To explore this a bit more, we asked people what brands could do to make marketing emails feel more customized. Responses fell into a few categories:

Content Based on Behavior

When it comes to customization, many survey takers want companies to use their browsing and shopping behaviors to tailor content. Here are some of the things they had to say:

  • “Send emails about things I have browsed on their website, give special discount code for things I currently have in my cart.”
  • “The business should look at my search history and purchases and send me information or deals related to those items or similar items.”
  • “Notice that I buy on sale so send me an email about a sale that begins in a day.”

This Airbnb email with a San Francisco itinerary is a great example of content based on user behavior, while West Elm does a great job of reminding people what they were shopping for.

Sales & Deals

It’s no secret that people love saving money! And as we mentioned, people love getting sales and discounts sent right to their inbox. From our respondents:

  • “Send coupons or sale info, I am a bargain hunter!”
  • “Go through your purchasing history and give offers based on things that you tend to buy”
  • “Send coupons for the items I normally purchase.”

Content Based on Past Purchases

While concerns about privacy on the internet are increasing, plenty of people reported wanting businesses to use their shopping history to create hyper-tailored email content. Here’s what some of them had to say:

  • “Send marketing emails based on my purchases and interests with discounts.”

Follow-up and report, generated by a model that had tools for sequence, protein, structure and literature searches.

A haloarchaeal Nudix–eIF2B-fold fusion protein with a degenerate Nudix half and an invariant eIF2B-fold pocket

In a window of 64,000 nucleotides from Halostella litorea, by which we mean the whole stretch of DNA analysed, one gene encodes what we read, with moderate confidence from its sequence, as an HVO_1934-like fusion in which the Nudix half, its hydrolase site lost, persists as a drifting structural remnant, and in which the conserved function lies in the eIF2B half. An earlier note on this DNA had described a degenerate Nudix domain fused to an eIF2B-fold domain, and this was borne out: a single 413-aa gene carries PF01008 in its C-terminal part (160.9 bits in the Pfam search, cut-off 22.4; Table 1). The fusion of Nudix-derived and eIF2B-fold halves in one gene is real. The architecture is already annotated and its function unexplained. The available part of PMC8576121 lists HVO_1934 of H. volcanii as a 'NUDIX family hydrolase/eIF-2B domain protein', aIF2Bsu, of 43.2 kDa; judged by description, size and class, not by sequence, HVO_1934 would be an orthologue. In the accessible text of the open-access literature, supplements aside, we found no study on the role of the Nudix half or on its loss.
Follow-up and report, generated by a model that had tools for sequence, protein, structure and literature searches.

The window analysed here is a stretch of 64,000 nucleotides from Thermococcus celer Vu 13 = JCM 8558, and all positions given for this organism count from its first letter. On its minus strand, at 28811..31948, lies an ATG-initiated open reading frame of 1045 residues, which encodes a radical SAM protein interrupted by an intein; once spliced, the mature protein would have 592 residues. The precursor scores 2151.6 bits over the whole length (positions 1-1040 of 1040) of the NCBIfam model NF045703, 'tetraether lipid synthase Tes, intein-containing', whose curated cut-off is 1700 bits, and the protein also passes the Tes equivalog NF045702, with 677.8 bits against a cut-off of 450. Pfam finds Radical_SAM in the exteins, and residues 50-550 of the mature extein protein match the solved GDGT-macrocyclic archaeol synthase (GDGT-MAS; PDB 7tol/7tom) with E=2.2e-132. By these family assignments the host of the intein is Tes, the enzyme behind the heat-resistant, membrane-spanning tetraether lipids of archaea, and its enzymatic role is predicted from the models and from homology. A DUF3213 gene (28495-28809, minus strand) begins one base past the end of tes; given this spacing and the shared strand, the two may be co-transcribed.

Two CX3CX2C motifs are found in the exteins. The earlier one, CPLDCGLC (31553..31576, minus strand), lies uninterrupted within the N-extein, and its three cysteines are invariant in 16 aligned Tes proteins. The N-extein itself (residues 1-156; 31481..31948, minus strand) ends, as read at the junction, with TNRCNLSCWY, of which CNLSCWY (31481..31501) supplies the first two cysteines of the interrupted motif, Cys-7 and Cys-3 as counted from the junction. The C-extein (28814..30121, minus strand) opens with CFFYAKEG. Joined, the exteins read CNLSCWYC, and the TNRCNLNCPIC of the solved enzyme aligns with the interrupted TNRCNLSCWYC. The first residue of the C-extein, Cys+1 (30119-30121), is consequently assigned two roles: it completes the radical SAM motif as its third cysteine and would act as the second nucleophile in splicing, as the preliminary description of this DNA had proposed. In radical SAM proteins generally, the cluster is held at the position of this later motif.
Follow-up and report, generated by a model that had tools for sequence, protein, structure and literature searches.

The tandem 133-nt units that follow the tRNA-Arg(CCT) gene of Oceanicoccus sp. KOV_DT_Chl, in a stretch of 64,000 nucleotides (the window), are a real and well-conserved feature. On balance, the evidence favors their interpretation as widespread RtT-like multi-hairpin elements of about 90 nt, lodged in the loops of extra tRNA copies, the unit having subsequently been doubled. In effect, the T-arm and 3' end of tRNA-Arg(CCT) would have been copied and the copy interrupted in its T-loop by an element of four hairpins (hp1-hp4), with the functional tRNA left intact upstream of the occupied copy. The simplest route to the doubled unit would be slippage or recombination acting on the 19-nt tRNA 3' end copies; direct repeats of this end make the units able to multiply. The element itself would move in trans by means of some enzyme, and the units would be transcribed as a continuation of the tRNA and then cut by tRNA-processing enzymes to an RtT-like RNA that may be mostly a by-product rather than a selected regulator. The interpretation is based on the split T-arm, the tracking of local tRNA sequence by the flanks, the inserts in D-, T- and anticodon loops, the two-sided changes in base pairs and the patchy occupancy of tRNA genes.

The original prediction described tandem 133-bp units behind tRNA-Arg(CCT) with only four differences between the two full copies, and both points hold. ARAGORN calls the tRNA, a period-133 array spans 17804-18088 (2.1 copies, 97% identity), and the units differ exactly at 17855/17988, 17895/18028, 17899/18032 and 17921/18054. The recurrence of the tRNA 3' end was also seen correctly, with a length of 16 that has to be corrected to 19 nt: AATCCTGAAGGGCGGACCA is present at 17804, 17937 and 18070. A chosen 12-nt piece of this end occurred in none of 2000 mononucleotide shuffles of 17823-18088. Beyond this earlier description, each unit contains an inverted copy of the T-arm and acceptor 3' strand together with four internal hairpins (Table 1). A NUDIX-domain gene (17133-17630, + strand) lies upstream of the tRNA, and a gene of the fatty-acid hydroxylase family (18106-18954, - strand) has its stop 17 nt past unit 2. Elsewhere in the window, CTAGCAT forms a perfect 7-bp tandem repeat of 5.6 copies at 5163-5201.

• “Remind me of an old purchase and suggest a related new purchase.”
  • “Sending announcements for expansions/add-ons to products I already own. Recommending other products, similar to what I’ve already bought or shopped for. Notifications for sales on items I’ve shown interest in, or on items related to previous purchases.”

Key takeaway: There is always room for more email personalization. Think about how you can make your emails feel more customized and less like mass communications. Are you using personalization fields? How about segmenting your emails by location or by purchase frequency so you can deliver more customized content? Any one of these goes a long way in making your emails feel more personalized for the customer. (Check out our blog post about email nurture strategies for more ideas!)

Unsubscribe Here

We don’t like to think about it, but we all lose subscribers now and then. While we can’t often pinpoint an exact reason, our findings shed light on the motivation behind unsubscribes. Here’s what we learned:

  • 77.4% said the business sends too many emails
  • 52.3% said they unsubscribe because the content isn’t what they thought it would be
  • 43.2% unsubscribe when they no longer shop/dine there or use a business’s services

Key takeaway: Sending emails too frequently is a surefire way to lose subscribers. We recommend sending no more than once a week, although twice a month tends to be the sweet spot. And always be upfront about what kind of content you’ll be sending. For example, don’t promise exclusive deals just to get sign-ups if you know you won’t be sending deals!

Email Habits

In addition to learning about consumer preferences, we wanted to gain more insight into email preferences and behaviors. By learning more about how people check their email, we can better understand our own email marketing statistics. To help us get there, we asked about email notifications and the devices people use to check their email most often.

Email Notifications

Do people have their email notifications turned on? The answer is a resounding “yes!”

  • 80.7% of people reported having email notifications enabled on their mobile devices

For those that utilize email notifications, we wanted to know if they wait to open the email, or if they do it as soon as they see the notification.